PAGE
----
BETSY BROUN: My name is Betsy Broun, I’m the Margaret and Terry Stent Director of the Smithsonian American Art Museum. There are so many wonderful pieces in the exhibition called, “Our America.” It’s hard to choose, but among my personal favorites are the three works by Margarita Cabrera. She did a “Brown Blender,” a “White Coffee Maker,” and a “Black and Grey Toaster,” and the three of them are objects I want in my kitchen.
She has managed to make works of incredible charm. They are made out of vinyl plastic, sewn together with copper wire and thread, so they have a kind of way of looking slumped, slightly exhausted, a little as if they’ve just been through a very long day. They have bits and pieces of threads where they’ve been sewn sort of hanging out the edges, so you can actually see that they’ve been stitched together, and they’re just very evocative. I’m sure they, in some ways, harken back to the soft sculpture of Claes Oldenburg, but they have an entirely new kind of vitality to them, a liveliness. They feel to me like organic, living things. A charm, a kind of familiar but different quality.
And then of course, they also have a very important political point to make. Margarita Cabrera was actually born in Monterey, Mexico, and I believe part of what she wants us to think about is the labor that goes into making our kitchen appliances. So many of these appliances that we buy for just a few dollars in the store are actually assembled in factories in Mexico, where the workers are paid very, very little. There’s an awful lot of labor and not a lot of money in that process, and I think by showing us the stitching and the slumped plastic, and calling our attention to the labor in the work, she’s also making a very, very important point about how the objects in our lives are sourced. So, to me, these pieces have it all. They have charm, but they also have a lingering, lasting, thoughtful aspect to them.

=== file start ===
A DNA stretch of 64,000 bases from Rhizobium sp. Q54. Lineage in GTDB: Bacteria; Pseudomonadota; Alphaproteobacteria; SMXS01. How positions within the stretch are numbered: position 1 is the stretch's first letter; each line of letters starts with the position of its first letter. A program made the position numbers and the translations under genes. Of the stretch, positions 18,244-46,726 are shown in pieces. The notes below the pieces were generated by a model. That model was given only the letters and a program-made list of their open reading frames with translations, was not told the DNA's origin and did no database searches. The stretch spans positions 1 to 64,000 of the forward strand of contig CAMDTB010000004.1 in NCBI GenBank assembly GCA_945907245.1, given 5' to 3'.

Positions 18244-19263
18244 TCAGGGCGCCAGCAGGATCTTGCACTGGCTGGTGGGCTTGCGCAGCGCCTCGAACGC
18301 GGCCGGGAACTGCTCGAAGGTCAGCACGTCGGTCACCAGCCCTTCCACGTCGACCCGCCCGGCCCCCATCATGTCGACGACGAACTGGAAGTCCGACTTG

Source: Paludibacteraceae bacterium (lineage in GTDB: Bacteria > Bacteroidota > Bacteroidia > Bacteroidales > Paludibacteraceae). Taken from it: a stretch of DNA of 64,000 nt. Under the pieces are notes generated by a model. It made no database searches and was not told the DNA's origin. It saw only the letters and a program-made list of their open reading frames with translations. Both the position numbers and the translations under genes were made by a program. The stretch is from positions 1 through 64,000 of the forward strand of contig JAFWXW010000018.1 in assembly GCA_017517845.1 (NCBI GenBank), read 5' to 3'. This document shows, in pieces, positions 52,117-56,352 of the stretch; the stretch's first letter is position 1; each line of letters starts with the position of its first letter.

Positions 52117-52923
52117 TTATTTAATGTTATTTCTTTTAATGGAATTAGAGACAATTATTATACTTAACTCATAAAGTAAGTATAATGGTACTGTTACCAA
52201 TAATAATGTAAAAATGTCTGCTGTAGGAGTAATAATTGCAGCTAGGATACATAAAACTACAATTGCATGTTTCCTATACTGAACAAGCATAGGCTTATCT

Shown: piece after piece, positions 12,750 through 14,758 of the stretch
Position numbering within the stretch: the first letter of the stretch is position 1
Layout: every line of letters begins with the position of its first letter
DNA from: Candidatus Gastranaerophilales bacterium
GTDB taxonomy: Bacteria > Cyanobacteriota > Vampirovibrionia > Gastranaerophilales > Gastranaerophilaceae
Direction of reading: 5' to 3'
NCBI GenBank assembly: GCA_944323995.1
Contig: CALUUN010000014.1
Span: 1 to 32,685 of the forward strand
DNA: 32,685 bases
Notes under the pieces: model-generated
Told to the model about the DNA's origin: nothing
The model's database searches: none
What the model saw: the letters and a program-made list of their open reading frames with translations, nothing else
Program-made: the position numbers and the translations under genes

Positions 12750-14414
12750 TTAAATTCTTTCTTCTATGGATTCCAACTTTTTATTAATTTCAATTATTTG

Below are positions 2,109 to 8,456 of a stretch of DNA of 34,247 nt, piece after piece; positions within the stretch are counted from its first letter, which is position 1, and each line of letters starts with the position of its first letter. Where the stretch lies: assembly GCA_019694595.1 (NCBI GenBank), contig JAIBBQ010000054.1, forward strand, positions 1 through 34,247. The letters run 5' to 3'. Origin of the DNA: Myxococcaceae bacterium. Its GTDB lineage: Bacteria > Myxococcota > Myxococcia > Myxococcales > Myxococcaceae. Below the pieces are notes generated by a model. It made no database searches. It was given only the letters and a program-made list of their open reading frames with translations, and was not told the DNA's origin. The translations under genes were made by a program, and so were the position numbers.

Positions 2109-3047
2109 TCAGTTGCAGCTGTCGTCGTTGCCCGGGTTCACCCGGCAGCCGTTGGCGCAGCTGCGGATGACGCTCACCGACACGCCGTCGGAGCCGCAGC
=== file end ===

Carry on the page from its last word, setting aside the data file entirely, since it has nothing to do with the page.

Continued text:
Our America: The Latino Presence in American Art presents the rich and varied contributions of Latino artists in the United States since the mid-twentieth century, when the concept of a collective Latino identity began to emerge. The exhibition is drawn entirely from the Smithsonian American Art Museum’s pioneering collection of Latino art. It explores how Latino artists shaped the artistic movements of their day and recalibrated key themes in American art and culture.